We are independent & ad-supported. We may earn a commission for purchases made through our links.
Advertiser Disclosure
Our website is an independent, advertising-supported platform. We provide our content free of charge to our readers, and to keep it that way, we rely on revenue generated through advertisements and affiliate partnerships. This means that when you click on certain links on our site and make a purchase, we may earn a commission. Learn more.
How We Make Money
We sustain our operations through affiliate commissions and advertising. If you click on an affiliate link and make a purchase, we may receive a commission from the merchant at no additional cost to you. We also display advertisements on our website, which help generate revenue to support our work and keep our content free for readers. Our editorial team operates independently of our advertising and affiliate partnerships to ensure that our content remains unbiased and focused on providing you with the best information and recommendations based on thorough research and honest evaluations. To remain transparent, we’ve provided a list of our current affiliate partners here.

What is Selenomethionine?

By Douglas Bonderud
Updated May 17, 2024
Our promise to you
WiseGeek is dedicated to creating trustworthy, high-quality content that always prioritizes transparency, integrity, and inclusivity above all else. Our ensure that our content creation and review process includes rigorous fact-checking, evidence-based, and continual updates to ensure accuracy and reliability.

Our Promise to you

Founded in 2002, our company has been a trusted resource for readers seeking informative and engaging content. Our dedication to quality remains unwavering—and will never change. We follow a strict editorial policy, ensuring that our content is authored by highly qualified professionals and edited by subject matter experts. This guarantees that everything we publish is objective, accurate, and trustworthy.

Over the years, we've refined our approach to cover a wide range of topics, providing readers with reliable and practical advice to enhance their knowledge and skills. That's why millions of readers turn to us each year. Join us in celebrating the joy of learning, guided by standards you can trust.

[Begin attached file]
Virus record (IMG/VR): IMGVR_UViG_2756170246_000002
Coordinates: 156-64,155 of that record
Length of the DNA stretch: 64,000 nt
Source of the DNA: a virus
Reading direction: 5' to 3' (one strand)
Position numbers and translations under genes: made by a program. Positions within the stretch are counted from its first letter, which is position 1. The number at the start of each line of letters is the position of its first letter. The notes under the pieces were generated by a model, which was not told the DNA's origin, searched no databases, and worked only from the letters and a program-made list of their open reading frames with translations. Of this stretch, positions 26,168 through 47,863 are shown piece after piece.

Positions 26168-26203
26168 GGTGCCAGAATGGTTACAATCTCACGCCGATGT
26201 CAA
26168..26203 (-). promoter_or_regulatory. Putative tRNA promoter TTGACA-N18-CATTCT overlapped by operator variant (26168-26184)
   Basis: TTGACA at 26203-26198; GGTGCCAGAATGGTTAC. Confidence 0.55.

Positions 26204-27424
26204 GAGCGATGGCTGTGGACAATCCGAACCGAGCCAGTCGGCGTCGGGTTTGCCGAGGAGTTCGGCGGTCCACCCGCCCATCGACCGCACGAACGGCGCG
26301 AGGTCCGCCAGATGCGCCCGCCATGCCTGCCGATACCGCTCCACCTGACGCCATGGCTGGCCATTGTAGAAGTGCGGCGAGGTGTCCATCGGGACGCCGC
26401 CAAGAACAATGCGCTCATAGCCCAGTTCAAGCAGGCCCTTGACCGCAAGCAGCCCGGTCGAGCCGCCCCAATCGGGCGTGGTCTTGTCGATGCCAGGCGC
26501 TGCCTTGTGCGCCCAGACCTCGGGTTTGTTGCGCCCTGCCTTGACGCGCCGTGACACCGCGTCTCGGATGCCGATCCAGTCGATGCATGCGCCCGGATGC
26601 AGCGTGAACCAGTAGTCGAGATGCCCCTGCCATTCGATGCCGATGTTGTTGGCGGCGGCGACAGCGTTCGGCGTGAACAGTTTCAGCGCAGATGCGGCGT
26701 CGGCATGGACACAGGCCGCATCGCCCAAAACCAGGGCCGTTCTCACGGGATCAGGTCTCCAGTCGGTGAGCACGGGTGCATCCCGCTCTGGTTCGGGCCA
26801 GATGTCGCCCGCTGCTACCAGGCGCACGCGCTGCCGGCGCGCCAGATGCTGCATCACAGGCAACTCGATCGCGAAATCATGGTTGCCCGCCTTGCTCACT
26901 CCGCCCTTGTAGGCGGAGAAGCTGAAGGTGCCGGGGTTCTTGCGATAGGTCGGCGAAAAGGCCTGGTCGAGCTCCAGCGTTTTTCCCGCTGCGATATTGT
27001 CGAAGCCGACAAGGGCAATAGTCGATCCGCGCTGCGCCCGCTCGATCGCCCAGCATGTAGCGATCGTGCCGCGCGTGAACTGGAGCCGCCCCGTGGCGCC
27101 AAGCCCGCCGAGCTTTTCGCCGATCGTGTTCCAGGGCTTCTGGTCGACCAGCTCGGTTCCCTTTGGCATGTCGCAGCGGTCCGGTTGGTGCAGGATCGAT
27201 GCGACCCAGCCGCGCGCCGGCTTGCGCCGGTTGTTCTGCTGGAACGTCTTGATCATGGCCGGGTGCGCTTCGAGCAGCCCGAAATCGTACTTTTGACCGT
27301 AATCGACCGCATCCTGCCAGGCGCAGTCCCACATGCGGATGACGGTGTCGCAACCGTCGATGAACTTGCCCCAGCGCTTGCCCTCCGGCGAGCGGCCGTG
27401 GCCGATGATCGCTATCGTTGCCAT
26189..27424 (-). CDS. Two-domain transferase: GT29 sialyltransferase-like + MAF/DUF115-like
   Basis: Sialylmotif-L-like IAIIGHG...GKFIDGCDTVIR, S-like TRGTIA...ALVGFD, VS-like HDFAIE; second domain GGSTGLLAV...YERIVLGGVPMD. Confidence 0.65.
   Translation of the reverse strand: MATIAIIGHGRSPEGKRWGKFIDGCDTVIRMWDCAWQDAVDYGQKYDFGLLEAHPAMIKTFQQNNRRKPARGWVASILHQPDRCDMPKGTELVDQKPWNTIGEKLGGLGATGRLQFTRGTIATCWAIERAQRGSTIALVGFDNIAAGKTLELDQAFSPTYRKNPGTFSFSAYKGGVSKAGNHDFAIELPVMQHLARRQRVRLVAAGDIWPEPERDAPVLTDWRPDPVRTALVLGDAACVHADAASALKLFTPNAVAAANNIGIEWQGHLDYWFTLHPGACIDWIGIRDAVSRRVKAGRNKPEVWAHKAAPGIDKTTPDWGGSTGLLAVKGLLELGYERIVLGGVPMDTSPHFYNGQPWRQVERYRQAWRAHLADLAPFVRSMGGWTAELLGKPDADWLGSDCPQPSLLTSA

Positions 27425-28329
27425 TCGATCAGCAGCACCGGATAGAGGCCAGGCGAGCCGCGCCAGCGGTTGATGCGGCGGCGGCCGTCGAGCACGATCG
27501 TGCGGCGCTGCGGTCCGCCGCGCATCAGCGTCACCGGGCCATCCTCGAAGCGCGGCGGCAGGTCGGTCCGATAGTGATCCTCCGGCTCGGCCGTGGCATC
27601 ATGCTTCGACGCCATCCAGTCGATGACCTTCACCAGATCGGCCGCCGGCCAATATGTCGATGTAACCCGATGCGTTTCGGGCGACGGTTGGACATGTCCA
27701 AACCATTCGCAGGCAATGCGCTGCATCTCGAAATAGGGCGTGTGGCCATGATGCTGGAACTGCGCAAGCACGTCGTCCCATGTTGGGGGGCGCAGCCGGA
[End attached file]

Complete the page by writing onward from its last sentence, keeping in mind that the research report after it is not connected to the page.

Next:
Editorial Standards

At WiseGeek, we are committed to creating content that you can trust. Our editorial process is designed to ensure that every piece of content we publish is accurate, reliable, and informative.

Our team of experienced writers and editors follows a strict set of guidelines to ensure the highest quality content. We conduct thorough research, fact-check all information, and rely on credible sources to back up our claims. Our content is reviewed by subject-matter experts to ensure accuracy and clarity.

We believe in transparency and maintain editorial independence from our advertisers. Our team does not receive direct compensation from advertisers, allowing us to create unbiased content that prioritizes your interests.

Selenomethionine is an amino acid that contains the element selenium. It is also known as Se-met or Se. This acid is not produced in the human body naturally and must be ingested. Only small amounts of selenium are required for the body to function properly. According to the Institute of Medicine of the National Academy of Sciences (IOM), the recommended daily dosage of selenomethionine is 45 micrograms (ug) for a baby and 400 ug for an adult.

This amino acid is necessary for the protection of red blood cells, and their membranes, from reactive agents. It operates as an antioxidant, which can shut down these agents before they attack red blood cells. It becomes active by bonding to proteins in place of methionine. Methionine and selenomethionine are bonded interchangeably by proteins, and both are beneficial. Selenomethionine may also have an anti-aging effect.

Selenium is found naturally in many plants, including wheat, soybeans, and Brazil nuts. These sources are usually enough to maintain a healthy level of selenium in the body. Typically, this amino acid is self-regulating in the human body. This means it is stored in proteins until enough has been accumulated, and then bonding of selenomethionine stops.

A deficiency in selenium can lead to reduced immune system cell production, and a higher risk of death in patients with human immunodeficiency virus (HIV). Also, a lack of selenomethionine can impair thyroid function. Too little selenium can also inhibit the production of glutathione peroxidase, another of the body's main antioxidant agents.

An excess of selenium can also have damaging effects on the body's function. Selenium toxicity can cause a loss of hair, fatigue, and white fingernails. In horses, too much of this amino acid causes Alkali disease, resulting in deformed hooves, hair loss, and weight loss.

Another form of selenium that can be ingested by humans is selenite. Selenite is an inorganic chemical compound, whereas all forms of selenomethionine are organic. A recent clinical study showed that organic selenium was absorbed at a rate 19% better than its inorganic counterpart.

In 2009, a study was conducted to determine the usefulness of selenomethionine as a cancer treatment. A group of prostate cancer patients were used, and it was determined that the both Se-met and selenium were present throughout their prostate cells. This has given researchers hope that selenium may be effective as a chemo-preventive agent for prostate cancer.

WiseGeek is dedicated to providing accurate and trustworthy information. We carefully select reputable sources and employ a rigorous fact-checking process to maintain the highest standards. To learn more about our commitment to accuracy, read our editorial process.
Discussion Comments
WiseGeek, in your inbox

Our latest articles, guides, and more, delivered daily.

WiseGeek, in your inbox

Our latest articles, guides, and more, delivered daily.